2011 Austrian Vintage Report from our own James Wright
Stephan Schindler and I just visited Prowein, the international wine fair in Düsseldorf, Germany. And for some mysterious reason known best to the people who scheduled it, Prowein was held three weeks earlier than it was last year, and three weeks earlier than it will be held next year. So not only was there a biting wind coming down the Rhine instead of blooming daffodils and crocuses, but also there were far fewer finished wines and many more tank-samples. Of course it’s always a treat to go to the traditional restaurants like Das Ürige and zum Schiffchen and eat large plates of pork-knuckle with sauerkraut and drink the local dark beer, Alt, out of small glasses that are automatically replenished by a energetic squad of waiters. But this time we enjoyed some very good sushi; there’s a large Japanese community in the Rhein-Metropole, whose culinary proclivities are well-served.
And the wines from 2011? Well, certainly we got a good look at the vintage. One very welcome feature of Two-Eleven is that after the small quantities produced in 2009 and 2010, there are not only good wines in 2011, but enough of them to quench even this nation’s mighty thirst.
The year in Austria started off with a rather unkindly winter—we had one too, you may remember, not at all like the winter just concluded. There were localized cases of frost damage here and there, but when springtime arrived, it did so with punctuality and full flower. After a moody second half of June and most of July, everything dried out nicely and followed on to a warm and very sunny August. Good weather held through September until the second week of October, Old Wives’ Summer, by which time the harvest in Burgenland was mostly done.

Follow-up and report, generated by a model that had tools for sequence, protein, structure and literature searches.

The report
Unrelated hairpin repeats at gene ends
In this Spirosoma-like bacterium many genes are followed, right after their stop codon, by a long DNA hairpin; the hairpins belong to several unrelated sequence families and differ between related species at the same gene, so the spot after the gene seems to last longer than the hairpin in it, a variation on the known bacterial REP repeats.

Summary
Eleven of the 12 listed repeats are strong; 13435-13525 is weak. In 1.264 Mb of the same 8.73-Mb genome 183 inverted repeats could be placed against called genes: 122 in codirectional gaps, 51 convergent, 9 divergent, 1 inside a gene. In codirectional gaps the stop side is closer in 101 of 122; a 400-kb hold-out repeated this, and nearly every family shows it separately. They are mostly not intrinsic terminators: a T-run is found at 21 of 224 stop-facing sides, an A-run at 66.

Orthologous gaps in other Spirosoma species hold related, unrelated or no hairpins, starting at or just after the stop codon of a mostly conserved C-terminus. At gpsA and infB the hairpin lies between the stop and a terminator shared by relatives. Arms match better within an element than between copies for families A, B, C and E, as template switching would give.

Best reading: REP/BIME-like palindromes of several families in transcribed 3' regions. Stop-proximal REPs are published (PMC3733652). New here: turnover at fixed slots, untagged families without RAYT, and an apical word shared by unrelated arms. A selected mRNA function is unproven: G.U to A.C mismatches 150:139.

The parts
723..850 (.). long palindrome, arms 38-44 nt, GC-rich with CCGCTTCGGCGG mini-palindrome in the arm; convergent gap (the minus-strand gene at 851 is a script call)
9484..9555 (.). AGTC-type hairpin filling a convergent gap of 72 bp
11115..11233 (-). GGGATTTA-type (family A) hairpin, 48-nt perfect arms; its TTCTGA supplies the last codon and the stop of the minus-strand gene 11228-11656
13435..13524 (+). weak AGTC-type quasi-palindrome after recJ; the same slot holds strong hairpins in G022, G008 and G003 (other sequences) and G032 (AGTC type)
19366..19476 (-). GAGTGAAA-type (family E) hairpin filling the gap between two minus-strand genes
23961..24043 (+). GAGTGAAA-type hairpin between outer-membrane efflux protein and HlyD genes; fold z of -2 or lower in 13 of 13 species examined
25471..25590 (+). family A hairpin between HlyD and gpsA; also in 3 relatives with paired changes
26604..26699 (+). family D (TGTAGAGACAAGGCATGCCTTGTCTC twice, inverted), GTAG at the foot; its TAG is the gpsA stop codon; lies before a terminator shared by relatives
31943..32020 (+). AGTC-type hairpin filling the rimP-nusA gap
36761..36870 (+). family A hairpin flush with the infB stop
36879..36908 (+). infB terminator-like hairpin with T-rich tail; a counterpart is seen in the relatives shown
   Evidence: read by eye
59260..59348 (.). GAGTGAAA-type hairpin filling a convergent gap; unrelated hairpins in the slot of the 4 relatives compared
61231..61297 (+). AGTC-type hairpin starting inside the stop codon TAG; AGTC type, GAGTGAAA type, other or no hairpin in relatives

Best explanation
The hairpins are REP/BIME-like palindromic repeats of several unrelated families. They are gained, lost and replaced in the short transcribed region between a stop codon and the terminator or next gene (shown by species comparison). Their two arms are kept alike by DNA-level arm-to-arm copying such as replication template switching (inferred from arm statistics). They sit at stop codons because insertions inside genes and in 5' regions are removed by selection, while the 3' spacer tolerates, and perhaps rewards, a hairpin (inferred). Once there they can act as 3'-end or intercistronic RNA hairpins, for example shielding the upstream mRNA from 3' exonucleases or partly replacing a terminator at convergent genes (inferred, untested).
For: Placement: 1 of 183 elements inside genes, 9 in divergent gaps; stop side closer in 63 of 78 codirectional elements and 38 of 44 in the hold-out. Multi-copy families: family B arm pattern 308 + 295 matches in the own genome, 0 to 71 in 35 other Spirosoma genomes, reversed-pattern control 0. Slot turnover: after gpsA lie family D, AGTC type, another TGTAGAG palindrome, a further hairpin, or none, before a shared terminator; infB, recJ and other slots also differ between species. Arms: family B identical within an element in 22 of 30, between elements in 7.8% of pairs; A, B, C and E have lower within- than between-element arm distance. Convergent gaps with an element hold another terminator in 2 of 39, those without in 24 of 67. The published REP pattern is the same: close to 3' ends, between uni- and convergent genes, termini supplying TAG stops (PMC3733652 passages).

Grüner Veltliners of the lighter sort profited from the weather in the form of a little extra richness, and though the grander types had to be careful about how they held their liquor, there was adequate acidity to grant balance to even the most opulent of them. Not as fat and voluptuous as the 2006ers, these Smaragd and Reserve wines will likely set a new standard for ageability and development potential.
And the Rieslings? Almost universally brilliant and crystal-clear, with an eloquence of expression that’s unusual for young examples of this greatest white variety.
The very early look at a few 2011 reds indicates that this vintage will show depth of fruit like the 2009s, but with structure comparable to 2006.
Noble sweet wines? The hardy few persisted in letting grapes hang, and were rewarded with 2011 Eisweins that were picked in February of 2012, powerful and concentrated…
To which I’ll add a couple notes specific to the wondrous world of winemongering—
1. the Rieslings from both Stift Goettweig and Malat are truly superb.
2. the Pinot Noir Rosé Messwein from Stift Goettweig is total charm with lovely depth.
3. very fine Veltliners from Ebner-Ebenauer; and not just the Elite Litre this year!
4. Zweigelts both ’10 and ’11 very expressive and forward from Feiler Artinger and Umathum
5. Moric 10 Blauf Mittelburgenland very much like the elegant 07er.
6. Högl entry level Rieslings and GVs all showing a bit extra.
7. Donabaum offered his best collection in a few years.
8. Hannes Schuster just keeps getting better. Look for the extraordinarily delicious Blaufränkisch 09, in addition to their customarily excellent Sankt Laurent.